Modeled after European-style agility, ISC courses are longer, faster and more technical. While the Regulation Ph.D. courses are limited to 100-by-70 feet and Extended Ph.D. courses are 100-by-100 feet, Deacon tries to make the most of the available area to create ISC-like challenges. Not only must dogs run fast to do well, they also must be independent and forward-focused to make quick decisions. 

A native of Bolton, England, Deacon keeps up with international course designs from a competitor’s perspective. He has been designing courses for about 10 years for the international-level and Masters-level agility classes he teaches at Golden Gate Dog Sports in San Francisco, a 7,500-square-foot training facility that he co-owns.  

“European agility has evolved quite differently from how agility has evolved in this country,” he says. “The rings are longer and narrower, around 140-by-90 feet, which has influenced the style of international courses. They have longer, faster lines, which exacerbates course challenges because the dog is faster and may be ahead of the handler.”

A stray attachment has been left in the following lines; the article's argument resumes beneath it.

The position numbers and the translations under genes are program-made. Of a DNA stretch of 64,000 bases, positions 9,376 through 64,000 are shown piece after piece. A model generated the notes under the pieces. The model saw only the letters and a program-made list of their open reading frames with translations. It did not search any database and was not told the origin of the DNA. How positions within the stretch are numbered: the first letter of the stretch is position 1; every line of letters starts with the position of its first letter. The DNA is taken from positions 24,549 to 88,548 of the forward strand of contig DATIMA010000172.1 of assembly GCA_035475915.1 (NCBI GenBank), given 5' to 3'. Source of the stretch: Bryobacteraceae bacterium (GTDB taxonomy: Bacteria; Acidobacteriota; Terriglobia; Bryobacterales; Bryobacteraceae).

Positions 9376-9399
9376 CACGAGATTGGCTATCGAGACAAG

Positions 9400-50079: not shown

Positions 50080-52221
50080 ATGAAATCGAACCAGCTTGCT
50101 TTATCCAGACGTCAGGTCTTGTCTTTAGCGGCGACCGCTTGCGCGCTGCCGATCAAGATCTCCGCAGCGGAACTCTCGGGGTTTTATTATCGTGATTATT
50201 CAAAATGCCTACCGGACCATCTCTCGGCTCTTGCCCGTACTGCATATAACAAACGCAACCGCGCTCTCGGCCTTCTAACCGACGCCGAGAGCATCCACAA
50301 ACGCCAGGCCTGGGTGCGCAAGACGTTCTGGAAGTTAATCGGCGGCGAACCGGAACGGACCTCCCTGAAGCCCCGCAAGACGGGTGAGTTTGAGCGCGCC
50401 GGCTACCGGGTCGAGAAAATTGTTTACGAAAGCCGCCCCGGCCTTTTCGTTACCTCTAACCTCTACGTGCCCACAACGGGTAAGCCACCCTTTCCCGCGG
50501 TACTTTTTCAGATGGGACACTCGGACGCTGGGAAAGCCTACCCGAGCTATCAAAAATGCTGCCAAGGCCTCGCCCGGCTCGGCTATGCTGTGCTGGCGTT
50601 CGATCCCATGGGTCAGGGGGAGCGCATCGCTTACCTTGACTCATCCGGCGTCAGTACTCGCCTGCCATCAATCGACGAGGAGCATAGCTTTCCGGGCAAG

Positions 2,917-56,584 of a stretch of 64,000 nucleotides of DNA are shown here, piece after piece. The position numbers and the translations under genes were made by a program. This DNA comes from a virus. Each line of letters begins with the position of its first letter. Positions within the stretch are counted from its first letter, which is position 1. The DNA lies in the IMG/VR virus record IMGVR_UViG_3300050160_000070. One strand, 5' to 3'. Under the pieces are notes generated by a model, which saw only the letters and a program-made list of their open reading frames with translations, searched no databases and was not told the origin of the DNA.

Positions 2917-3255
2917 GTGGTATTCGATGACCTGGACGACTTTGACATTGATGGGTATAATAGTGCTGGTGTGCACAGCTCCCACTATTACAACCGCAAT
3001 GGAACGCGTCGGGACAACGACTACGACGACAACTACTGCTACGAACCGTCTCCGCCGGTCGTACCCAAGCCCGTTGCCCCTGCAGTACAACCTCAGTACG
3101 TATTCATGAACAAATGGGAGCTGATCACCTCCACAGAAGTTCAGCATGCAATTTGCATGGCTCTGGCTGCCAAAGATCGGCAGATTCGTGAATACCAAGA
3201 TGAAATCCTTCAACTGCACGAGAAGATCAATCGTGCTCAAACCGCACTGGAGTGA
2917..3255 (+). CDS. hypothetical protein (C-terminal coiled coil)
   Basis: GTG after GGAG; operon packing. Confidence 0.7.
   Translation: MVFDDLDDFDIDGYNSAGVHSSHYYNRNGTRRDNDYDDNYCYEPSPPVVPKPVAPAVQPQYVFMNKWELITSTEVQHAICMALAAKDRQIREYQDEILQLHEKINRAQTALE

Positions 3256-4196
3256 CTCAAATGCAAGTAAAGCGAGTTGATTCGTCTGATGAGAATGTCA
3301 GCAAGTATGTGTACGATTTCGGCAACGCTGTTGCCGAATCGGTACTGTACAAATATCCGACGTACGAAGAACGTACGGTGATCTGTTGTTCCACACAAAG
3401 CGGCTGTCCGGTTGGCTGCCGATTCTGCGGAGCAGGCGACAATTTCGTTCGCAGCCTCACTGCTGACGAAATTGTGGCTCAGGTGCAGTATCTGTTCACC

The popularity of ISC courses led to the AKC adding the Ph.D. Division to its AKC Agility LeagueTM after the pilot season. The League offers four divisions according to skill levels in which teams of three to eight dogs train at their home facility and record their scores on six courses over 12 weeks. The AKC calculates team scores based on the average of all the dogs on the team. Three seasons are held each year.  

“We were receiving so much feedback from competitors around the country that they wanted more opportunities to practice on ISC-style courses,” says Penny Leigh, Director of the AKC Agility League. “We are lucky to have Ashley as the designer for our Ph.D. Division. He truly understands international competition and course design. Our competitors tell us how much they love his courses.” 

 An important part, Deacon says, is not to overwhelm competitors.